Mrs. Bowden turned to see the room empty. She looked at Dad. “I thought you might say he deeply cared for the parishioners and often paced the floor worrying about their problems, but it seems like there is no one here to hear that. Did you know that Mr. Tennyson?”

“No,” Dad said.

“You probably thought he was a stuffy, arrogant, windbag,” Mrs. Bowden said.

Dad smiled. “Yes, I did.”

“That’s okay,” Mrs. Bowden said. “I called him that a time or two, but that was not the real Ellsworth. He was kind, and funny, and really down to earth. He put on so much.”

“I guess those are things I didn’t know,” Mrs. Bowden said.

“You are quite remarkable, Mr. Tennyson,” Mrs. Bowden said.

Dad smiled. “How’s that?”

“In spite of how he treated you, you are still willing to speak at his funeral,” Mrs. Bowden said. “He said that’s the kind of man you were.”

From the back of the room the funeral director cleared his throat. Dad looked at his watch again. “It’s time to start,” Dad said.

Dad stood behind the pulpit. He scratched next to his nose, a habit when Dad was nervous. He cleared his throat and smiled at Mrs. Bowden.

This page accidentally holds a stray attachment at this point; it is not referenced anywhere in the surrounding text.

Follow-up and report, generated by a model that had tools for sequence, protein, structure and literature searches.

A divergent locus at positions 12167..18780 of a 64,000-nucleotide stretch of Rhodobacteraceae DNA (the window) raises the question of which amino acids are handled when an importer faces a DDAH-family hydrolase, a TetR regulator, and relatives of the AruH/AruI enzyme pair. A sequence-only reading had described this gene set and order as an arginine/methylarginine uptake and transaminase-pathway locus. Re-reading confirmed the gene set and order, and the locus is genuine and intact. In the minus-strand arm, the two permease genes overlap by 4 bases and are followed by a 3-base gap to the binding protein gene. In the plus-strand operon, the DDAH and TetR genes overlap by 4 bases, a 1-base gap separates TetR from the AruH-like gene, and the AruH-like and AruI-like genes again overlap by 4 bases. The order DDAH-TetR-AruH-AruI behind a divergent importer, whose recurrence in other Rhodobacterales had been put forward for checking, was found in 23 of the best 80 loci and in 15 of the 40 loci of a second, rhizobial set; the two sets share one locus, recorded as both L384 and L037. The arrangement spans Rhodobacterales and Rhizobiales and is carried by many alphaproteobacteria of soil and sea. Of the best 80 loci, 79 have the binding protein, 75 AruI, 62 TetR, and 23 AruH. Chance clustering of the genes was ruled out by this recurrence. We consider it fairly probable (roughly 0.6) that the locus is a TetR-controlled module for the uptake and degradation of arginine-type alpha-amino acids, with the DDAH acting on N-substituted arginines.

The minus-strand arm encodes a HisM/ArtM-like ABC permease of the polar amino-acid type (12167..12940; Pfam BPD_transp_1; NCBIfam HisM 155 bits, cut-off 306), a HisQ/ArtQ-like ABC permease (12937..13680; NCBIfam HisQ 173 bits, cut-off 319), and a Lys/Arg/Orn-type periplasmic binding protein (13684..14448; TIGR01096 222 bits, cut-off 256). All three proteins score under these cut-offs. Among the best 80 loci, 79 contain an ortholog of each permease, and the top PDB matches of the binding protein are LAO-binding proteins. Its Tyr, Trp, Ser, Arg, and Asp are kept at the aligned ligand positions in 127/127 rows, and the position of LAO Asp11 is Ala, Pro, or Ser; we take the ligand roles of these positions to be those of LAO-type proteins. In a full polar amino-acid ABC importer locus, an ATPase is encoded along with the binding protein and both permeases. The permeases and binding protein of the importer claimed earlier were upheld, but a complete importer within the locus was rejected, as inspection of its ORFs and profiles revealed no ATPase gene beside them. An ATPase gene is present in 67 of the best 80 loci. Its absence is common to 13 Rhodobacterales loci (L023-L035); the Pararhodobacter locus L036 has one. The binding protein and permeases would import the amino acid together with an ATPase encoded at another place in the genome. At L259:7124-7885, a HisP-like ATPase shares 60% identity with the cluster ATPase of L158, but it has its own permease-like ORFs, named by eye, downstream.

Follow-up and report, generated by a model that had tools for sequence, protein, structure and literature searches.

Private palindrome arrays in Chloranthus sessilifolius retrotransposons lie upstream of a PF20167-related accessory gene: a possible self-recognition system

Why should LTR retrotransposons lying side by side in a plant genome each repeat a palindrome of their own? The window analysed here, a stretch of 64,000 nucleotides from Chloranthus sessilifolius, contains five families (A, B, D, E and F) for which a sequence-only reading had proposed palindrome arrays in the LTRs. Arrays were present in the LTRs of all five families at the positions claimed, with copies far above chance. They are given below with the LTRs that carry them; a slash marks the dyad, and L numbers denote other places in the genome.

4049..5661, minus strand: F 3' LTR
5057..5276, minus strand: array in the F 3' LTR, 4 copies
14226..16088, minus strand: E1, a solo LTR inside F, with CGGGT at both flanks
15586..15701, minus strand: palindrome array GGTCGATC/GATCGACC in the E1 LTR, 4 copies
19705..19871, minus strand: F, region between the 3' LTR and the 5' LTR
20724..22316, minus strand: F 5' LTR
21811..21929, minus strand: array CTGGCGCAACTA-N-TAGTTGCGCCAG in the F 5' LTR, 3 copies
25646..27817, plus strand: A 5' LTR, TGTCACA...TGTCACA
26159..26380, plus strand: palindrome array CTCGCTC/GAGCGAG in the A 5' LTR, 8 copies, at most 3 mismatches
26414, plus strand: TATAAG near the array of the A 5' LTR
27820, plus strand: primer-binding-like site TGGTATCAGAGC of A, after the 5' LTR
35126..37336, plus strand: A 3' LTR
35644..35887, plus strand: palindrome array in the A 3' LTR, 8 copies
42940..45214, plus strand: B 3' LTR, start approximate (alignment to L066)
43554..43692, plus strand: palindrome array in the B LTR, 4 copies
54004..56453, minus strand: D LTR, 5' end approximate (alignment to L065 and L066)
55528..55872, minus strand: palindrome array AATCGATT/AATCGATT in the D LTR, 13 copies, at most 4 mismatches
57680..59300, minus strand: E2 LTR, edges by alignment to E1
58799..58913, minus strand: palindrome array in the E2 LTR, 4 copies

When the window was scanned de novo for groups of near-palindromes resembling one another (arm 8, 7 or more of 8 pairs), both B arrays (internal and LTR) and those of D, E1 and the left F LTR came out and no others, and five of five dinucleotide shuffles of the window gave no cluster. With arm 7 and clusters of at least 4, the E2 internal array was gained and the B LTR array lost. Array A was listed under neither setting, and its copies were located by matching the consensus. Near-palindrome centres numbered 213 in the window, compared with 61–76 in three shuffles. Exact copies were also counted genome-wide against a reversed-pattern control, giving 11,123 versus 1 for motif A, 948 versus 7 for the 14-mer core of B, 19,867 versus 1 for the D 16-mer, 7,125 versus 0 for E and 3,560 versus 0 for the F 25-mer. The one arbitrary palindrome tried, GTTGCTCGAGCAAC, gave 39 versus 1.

(Continued tomorrow.)

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“If You Build It They Will Come” And Watch

th4WFX8RGGCan’t Watch This

When was the last time you watched something so scary, cringe-worthy, or unbelievably tacky — in a movie, on TV, or in real life — you had to cover your eyes?

I pretty much do all of the above when just passing by the TV or channel  surfing.  TV is bloated with the most unbelievable lack of talent, artistry, and creativity.

Somebody, no a bunch of somebodies thinks the public wants to see at every turn skin shows with sexual tension and innuendo, homosexuality, gutter language, and graphic violence. I really don’t think people with breeding. common sense, and taste like it.

When a program is said to have adult situations and humor, it does not mean that. What it means is dirty, base, and perverted bilge.

Nearly everything on TV is entertainment based.  Talk shows are inundated with entertainers. They are boring, flip, and empty. A Kardashian has and ingrown hair and it’s news. George Cloney makes a political or environmental statement and it’s news. Honey Boo Boo passes gas and that’s news, that’s funny, that’s entertainment.